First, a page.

East African countries should institutionalize national dialogues for sustainable peacebuilding
Under the first pillar of the United Nations principal of the responsibility to protect (R2P), the duty to protect citizens against mass atrocities lies primarily with states. Under the second pillar, the international community has a collective responsibility to support states in achieving this goal. It is only after pillars one and two have failed that pillar three would be triggered to supersede the principle of non-intervention and allow the international community to deploy other means including the use of force against a state that is unable or unwilling to implement R2P.
As a region, East Africa has witnessed many atrocities in the past and continues to struggle with containing tensions between ethnic groups within and between states. It is important for the sake of enhancing peace, that each state in the region consider investment in long-term inclusive national dialogue frameworks as peacebuilding mechanisms. Several scholars observe that many post-colonial states in Africa are not nations but rather groups of diverse nations forced to live together under the modern state structure within which they compete to control resources, including through violence. Institutionalized continuous dialogue would serve as an avenue for nation building between competing groups as states pursue critical economic and social development priorities with the limited resources available. Dialogue would continually absorb these tensions and lower ethnic based mistrust and the risk and costs of violent conflict, thereby freeing up more resources for development.
Rwanda is one country in the region, which has institutionalized a comprehensive national dialogue framework from which other neighbors could learn and adapt to their unique contexts. The framework has both horizontal and vertical levels for dialogue. At the horizontal level, dialogue and nation building activities occur between communities. One such activity is Umuganda, which is a form of unpaid community work introduced in 1998 as a way to rebuild the country after the 1994 genocide. It occurs every last Saturday of the month and lasts for three hours. Rwandan citizens between the ages of 18 and 65 years are obliged by law to take part in the activity. While the main organising principle under Umuganda is communal labour, it also offers a platform for citizens to discuss issues arising within their communities and to raise concerns with their leaders. These issues for discussion are identified at the level of the Mudugudu, a set of approximately 20 to 30 homes, and agreed upon with the village head. However, the village head also receives an agenda from the district level before the Umuganda. At the end of each discussion there may also be a conflict resolution space opened up for any conflict in the community.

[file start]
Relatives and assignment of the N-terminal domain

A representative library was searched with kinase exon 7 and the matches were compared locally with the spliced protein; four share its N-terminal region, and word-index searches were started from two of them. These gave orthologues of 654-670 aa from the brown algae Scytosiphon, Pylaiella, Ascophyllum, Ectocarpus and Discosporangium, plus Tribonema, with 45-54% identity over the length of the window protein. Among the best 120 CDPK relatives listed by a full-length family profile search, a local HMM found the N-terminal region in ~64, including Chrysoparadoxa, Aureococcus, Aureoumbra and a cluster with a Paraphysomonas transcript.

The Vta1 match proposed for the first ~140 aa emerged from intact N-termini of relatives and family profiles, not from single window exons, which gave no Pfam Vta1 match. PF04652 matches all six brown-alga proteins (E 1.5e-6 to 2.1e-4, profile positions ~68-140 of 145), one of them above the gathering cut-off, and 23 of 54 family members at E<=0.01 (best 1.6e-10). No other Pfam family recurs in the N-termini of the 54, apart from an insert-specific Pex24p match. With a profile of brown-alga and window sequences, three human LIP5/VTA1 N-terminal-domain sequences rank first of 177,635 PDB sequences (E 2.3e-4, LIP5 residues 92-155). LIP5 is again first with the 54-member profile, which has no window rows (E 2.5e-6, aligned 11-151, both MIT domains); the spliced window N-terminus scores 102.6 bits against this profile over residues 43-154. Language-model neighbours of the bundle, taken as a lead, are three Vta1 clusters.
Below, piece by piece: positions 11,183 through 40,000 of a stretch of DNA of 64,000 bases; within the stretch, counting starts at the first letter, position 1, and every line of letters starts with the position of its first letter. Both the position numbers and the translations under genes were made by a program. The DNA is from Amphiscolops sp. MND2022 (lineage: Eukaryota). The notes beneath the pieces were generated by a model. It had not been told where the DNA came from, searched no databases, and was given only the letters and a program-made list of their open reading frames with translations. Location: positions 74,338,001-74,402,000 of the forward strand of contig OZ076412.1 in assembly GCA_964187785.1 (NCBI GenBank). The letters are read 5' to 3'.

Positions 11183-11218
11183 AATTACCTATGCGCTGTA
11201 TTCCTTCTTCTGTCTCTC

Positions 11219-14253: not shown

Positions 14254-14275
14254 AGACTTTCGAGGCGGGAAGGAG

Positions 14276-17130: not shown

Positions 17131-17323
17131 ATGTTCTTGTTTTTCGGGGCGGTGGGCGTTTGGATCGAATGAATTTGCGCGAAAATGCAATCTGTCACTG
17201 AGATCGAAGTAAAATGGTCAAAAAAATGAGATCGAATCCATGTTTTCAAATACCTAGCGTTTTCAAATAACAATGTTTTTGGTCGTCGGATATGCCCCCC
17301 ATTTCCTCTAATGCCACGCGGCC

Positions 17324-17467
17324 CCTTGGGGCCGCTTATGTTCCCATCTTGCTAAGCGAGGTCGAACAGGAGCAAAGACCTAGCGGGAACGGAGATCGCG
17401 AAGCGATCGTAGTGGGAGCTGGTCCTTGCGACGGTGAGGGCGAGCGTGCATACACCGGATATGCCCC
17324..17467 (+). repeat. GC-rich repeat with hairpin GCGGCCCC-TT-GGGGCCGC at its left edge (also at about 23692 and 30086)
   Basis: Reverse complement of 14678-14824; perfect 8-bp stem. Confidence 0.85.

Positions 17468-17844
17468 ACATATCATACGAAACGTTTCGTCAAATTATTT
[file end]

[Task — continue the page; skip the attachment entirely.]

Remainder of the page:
At the vertical level, the Rwandan Constitution established a National Umushyikirano Council, which once a year brings together the President of Rwanda, citizens’ representatives and civil society to debate national issues and to promote national unity. The debate is broadcast live on television and radio, allowing citizens to participate with questions and comments by telephone on a toll-free number. The Umushyikirano results in resolutions that are referred to responsible Ministries for follow up and may eventually become law. Thus, this platform is critical for inclusive citizen participation and is a way for them to influence national laws and policies. It is also a way to cultivate a sense of belonging among Rwandans, to feel that they have a stake in the peace and stability of their country.
The implementation of this framework is by no means perfect and may indeed invite a host of criticisms surrounding exclusion and free speech among other issues. However, it is important not to obscure its significance for proactive nation building and Rwandans’ agency over their own peacebuilding processes. While the other countries in the region have national mechanisms to advance peace, these are mostly reactive in their operations. Uganda is currently holding consultations for a national dialogue to address several historically rooted national fault lines. However, it remains unknown whether this will be an isolated event or the Ugandan government will institutionalize it to ensure continuity.
Given the events currently unfolding in Venezuela and the recent history of intervention in Libya, it behooves East African states that are keen on preserving their sovereignty, to invest in long term dialogue frameworks as a way to exercise agency and institutionalize their own homegrown solutions for sustainable peacebuilding.